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How to distribute a .NET Core app in Arch Linux

In this post we'll build a netcore CLI app called taskcore and learn about the interaction between makepkg and a self-contained .NET app. We start from a PKGBUILD file and examine what it does with this self-contained app.

What is a self-contained app?

In the .NET world this means that the published artifacts of the app will include everything to run without requiring .NET installed in the user's system.

Building the app

This is the PKGBUILD for build the taskcore app in Arch Linux using the publish command:


build() {
  cd "$pkgname-$_pkgver/TaskCore.App"
    --configuration Release \
    --self-contained true \
    --runtime linux-x64 \
    -p:PublishTrimmed=true \
    --output ../$pkgname \

package() {
  cd "$pkgname-$_pkgver"

  install -d $pkgdir/usr/{bin,lib}
  cp -r $pkgname "$pkgdir/usr/lib/"
  ln -s "/usr/lib/$pkgname/$pkgname" "$pkgdir/usr/bin/$pkgname"

The dependencies

The installation of .NET Core in Arch Linux is so easy:


We need the icu package (International Components for Unicode library) to run this app, otherwise we'll get this error:

Couldn't find a valid ICU package installed on the system. Set the configuration flag System.Globalization.Invariant to true if you want to run with no globalization support.

The makepkg options

We should use the staticlibs option in the PKGBUILD to tell Arch to leave static library files in the package, otherwise the makepkg will assume the libraries will be installed as a dependency package to avoid duplicated files in the OS.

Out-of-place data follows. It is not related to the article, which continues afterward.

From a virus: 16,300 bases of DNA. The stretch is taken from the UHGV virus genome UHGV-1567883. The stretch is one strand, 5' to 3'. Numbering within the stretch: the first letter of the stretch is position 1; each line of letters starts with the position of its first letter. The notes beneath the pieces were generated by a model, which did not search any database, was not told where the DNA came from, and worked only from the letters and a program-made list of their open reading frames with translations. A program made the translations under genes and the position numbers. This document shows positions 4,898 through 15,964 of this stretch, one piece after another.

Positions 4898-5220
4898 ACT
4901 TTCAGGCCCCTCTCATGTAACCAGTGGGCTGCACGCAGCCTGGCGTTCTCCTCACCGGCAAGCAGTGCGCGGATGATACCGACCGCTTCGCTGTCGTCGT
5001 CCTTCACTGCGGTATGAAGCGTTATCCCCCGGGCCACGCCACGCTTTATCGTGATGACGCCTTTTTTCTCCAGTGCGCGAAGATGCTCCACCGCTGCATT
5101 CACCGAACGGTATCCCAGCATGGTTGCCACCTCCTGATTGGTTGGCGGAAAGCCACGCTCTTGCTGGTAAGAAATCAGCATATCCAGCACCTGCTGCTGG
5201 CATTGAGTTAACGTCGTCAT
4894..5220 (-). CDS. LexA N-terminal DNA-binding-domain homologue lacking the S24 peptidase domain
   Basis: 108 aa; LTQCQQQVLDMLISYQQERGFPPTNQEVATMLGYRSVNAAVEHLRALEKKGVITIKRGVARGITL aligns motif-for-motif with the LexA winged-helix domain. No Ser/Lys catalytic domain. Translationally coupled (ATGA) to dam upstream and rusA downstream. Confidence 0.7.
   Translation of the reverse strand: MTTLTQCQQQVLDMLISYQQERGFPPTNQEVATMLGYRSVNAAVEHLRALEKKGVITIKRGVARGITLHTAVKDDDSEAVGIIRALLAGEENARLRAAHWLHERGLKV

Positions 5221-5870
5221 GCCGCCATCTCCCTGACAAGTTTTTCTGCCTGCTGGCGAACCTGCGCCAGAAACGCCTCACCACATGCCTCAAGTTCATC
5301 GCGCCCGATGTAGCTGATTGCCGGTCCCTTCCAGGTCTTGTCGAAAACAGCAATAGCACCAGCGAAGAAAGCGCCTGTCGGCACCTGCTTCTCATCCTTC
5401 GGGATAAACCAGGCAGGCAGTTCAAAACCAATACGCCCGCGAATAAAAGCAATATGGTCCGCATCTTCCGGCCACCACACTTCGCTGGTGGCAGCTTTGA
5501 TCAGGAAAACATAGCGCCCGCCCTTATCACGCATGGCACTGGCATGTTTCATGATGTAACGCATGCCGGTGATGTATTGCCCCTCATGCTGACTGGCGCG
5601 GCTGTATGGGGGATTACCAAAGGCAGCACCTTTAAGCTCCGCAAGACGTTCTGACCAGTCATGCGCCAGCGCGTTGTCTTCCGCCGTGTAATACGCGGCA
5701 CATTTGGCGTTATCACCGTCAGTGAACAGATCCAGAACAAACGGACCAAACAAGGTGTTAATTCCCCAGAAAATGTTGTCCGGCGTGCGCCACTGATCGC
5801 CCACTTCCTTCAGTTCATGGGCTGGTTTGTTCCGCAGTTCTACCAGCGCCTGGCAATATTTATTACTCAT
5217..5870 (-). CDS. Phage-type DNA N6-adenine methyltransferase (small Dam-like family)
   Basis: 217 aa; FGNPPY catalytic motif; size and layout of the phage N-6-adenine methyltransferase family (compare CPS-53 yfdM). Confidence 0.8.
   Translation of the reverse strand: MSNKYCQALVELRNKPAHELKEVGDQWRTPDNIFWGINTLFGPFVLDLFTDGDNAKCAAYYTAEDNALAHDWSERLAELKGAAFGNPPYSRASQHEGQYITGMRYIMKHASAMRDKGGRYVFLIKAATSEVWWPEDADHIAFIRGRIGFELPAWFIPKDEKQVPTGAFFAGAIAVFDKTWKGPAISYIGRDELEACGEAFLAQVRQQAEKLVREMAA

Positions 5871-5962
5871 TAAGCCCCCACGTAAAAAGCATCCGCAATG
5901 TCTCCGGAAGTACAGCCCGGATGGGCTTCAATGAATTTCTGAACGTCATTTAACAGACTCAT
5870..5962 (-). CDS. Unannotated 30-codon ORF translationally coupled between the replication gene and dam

The publish arguments

The -p:PublishTrimmed=true will remove unused libraries in the build output if they aren't statically linked to our executable file.

The --self-contained true produces a platform-specific executable, so we should include the target platform with --runtime linux-x64, other options are linux-arm64, or linux-musl-x64 for lightweight distributions using musl like Alpine Linux.

We can publish the libraries inside the executable with -p:PublishSingleFile=true, but makepkg will strip all the libraries from the executable file. This optimization is useful to remove symbols (commonly used for debug) and get a lighter package, but for .NET we should use:


What about the MSBUILDDISABLENODEREUSE=1? I found this error when I run the build several times:

MSBUILD : error MSB4166: Child node "2" exited prematurely. Shutting down...

Looks like the failed builds leave MSBuild processes lying around.

How to package the app

We should move all the build output to the /usr/lib/taskcore:

cp -r $pkgname "$pkgdir/usr/lib/"

Then, we should make the taskcore command accessible by locally logged in users with a symlink:

ln -s "/usr/lib/$pkgname/$pkgname" "$pkgdir/usr/bin/$pkgname"
# /usr/bin/taskcore -> /usr/lib/taskcore/taskcore

And, it's done! We've our first .NET self-contained app for Linux. Just build it:

makepkg -s

More about .NET

If you want to start with .NET you could see this awesome video from Scott Hanselman

Top comments (1)

dement6d profile image
dement6d • Edited

package() fails at cp -r $pkgname "$pkgdir/usr/lib/":

cp: cannot create directory '/home/demented/Documents/pkgs/pkg/snipesharp/usr/lib/': No such file or directory
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if i remove $pkgdir from the output path i get Permission denied for trying to move to /usr/lib

also getting

ln: failed to create symbolic link '/usr/bin/snipesharp': Permission denied
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from doing ln -s bin/Release/net6.0/linux-arm64/publish/app /usr/bin/
but even if i do sudo ln -s.. when the link is created in /usr/bin/ i still cant execute app, the link appears red when i do ls /usr/bin/app